Thursday 2 February 2012

Glasgow Genealogy Centre - update

I reported a few days ago that the Glasgow Genealogy Centre ( now has access to the ScotlandsPeople Centre's computer system, as opposed to the old DIGROS system. I'm just back from the Mitchell Library and have spent the day using it, so a quick report.

The first thing to note is that the records available on the system are the same as those available in Edinburgh - statutory BMD records from 1855, divorce records from 1984, civil partnership records from 2005, testaments, heraldic records, Church of Scotland OPRs from 1553-1854 and the censuses from 1841-1911. The centre's computer monitors are widescreen, so the display is slightly different to Edinburgh, with images stretched out a bit more horizontally, but all perfectly legible.

There are two key differences though. The ScotlandsPeople Centre computer system in Edinburgh allows access to the internet, in the way that Glasgow's does not. Edinburgh also has a more fully fledged version of the website carrying details of additional materials available at its centre - monumental inscriptions, books in the library, useful websites etc - which is absent in Glasgow. Much of this is available on the publicly available version of the website at - but as I said, you can't get internet access from the Glasgow terminals!

The Glasgow Genealogy Centre is based on the third floor of the Mitchell, but you can just about pick up WiFi access from the floor above (albeit not with the strongest of signals) - I was able to use my laptop to access some additional materials that came in handy during my research trawl. You do need to have a Mitchell Library readers card though to access the WiFi connection. Alternatively, there are a series of terminals adjacent to the Glasgow Genealogy Centre area (within the same room - it's partitioned in half, two different council departments offering genealogy resources, love it!), where you can access many family history websites.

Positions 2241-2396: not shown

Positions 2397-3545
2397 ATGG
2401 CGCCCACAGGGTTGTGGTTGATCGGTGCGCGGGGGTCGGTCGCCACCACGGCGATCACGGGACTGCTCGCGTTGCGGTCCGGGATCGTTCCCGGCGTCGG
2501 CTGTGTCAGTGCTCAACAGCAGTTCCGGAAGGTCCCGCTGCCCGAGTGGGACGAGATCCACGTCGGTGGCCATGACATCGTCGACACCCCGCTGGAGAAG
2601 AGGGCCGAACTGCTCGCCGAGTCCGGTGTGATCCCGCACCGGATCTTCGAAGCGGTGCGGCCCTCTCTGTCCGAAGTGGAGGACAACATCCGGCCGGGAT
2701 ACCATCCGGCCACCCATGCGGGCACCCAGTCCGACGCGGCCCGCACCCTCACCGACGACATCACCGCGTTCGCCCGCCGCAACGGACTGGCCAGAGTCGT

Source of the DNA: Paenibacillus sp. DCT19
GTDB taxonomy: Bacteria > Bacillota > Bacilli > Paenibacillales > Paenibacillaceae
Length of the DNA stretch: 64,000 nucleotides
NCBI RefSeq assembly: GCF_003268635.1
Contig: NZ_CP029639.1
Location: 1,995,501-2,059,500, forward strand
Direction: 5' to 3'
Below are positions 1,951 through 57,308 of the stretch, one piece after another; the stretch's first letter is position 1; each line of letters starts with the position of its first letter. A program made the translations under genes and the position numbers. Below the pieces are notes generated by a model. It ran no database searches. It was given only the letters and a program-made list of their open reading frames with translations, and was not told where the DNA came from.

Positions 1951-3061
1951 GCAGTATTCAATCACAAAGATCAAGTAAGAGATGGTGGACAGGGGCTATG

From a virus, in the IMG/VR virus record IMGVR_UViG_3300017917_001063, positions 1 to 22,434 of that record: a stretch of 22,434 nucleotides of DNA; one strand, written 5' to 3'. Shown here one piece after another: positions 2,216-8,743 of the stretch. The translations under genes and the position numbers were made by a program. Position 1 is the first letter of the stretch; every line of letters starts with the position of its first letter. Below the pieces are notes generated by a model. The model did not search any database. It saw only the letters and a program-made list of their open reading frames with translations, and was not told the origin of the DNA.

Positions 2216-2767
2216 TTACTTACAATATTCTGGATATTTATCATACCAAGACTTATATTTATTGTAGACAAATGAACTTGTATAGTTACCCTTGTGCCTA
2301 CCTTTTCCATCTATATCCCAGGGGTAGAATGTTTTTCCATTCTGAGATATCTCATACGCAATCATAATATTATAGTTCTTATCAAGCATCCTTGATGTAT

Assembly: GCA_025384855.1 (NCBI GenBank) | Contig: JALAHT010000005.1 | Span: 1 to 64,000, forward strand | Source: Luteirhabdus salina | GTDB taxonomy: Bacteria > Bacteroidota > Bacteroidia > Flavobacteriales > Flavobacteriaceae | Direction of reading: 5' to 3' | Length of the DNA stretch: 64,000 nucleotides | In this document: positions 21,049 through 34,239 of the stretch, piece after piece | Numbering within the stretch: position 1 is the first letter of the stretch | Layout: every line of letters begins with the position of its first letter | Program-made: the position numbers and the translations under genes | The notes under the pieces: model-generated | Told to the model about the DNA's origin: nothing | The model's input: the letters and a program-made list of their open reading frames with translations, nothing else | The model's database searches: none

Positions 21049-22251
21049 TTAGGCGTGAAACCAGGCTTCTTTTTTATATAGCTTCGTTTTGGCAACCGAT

Just to add, the system has only just been installed, and although I had absolutely no problems with my terminal, a couple of other people did, and it was interesting to watch a few people play musical chairs throughout the day each time a terminal failed in some way! I suspect these are only teething problems which should be hammered out soon.

Is there anything I don't like about the set up? Just one - if your screen goes idle for a few minutes, for example if you consult your laptop to check on something, you have to log back into the system, and if you previously had a record open, you have to go looking for it again. A minor grumble for something that caught me out a couple of times!

The ScotlandsPeople Centre in Edinburgh is absolutely brilliant, but if your roots are firmly in the west of Scotland, you will almost certainly be better off doing your research in Glasgow. Glasgow City Archives is just one floor down, and has many nonconformist registers, poor relief records, trade incorporation records, directories and much more relevant to the west of Scotland. The third floor also has many OPR and census microfilms for most key towns and cities in the country also, as well as English and Welsh fiche indexes to BMDs from 1837 etc.

Although not officially labelled as such, and essentially run by different parties, we now have two superb ScotlandsPeople centres in the country. Glasgow and Edinburgh are sorted, but Scotland is a mighty big country - hopefully other centres will gain access soon also, and truly make the ScotlandsPeople system available to all of Scotland's people...

PS: Just to add, as well as bringing you lots of lovely free news, with my other hat on I work as a family historian - details on my services are available at!


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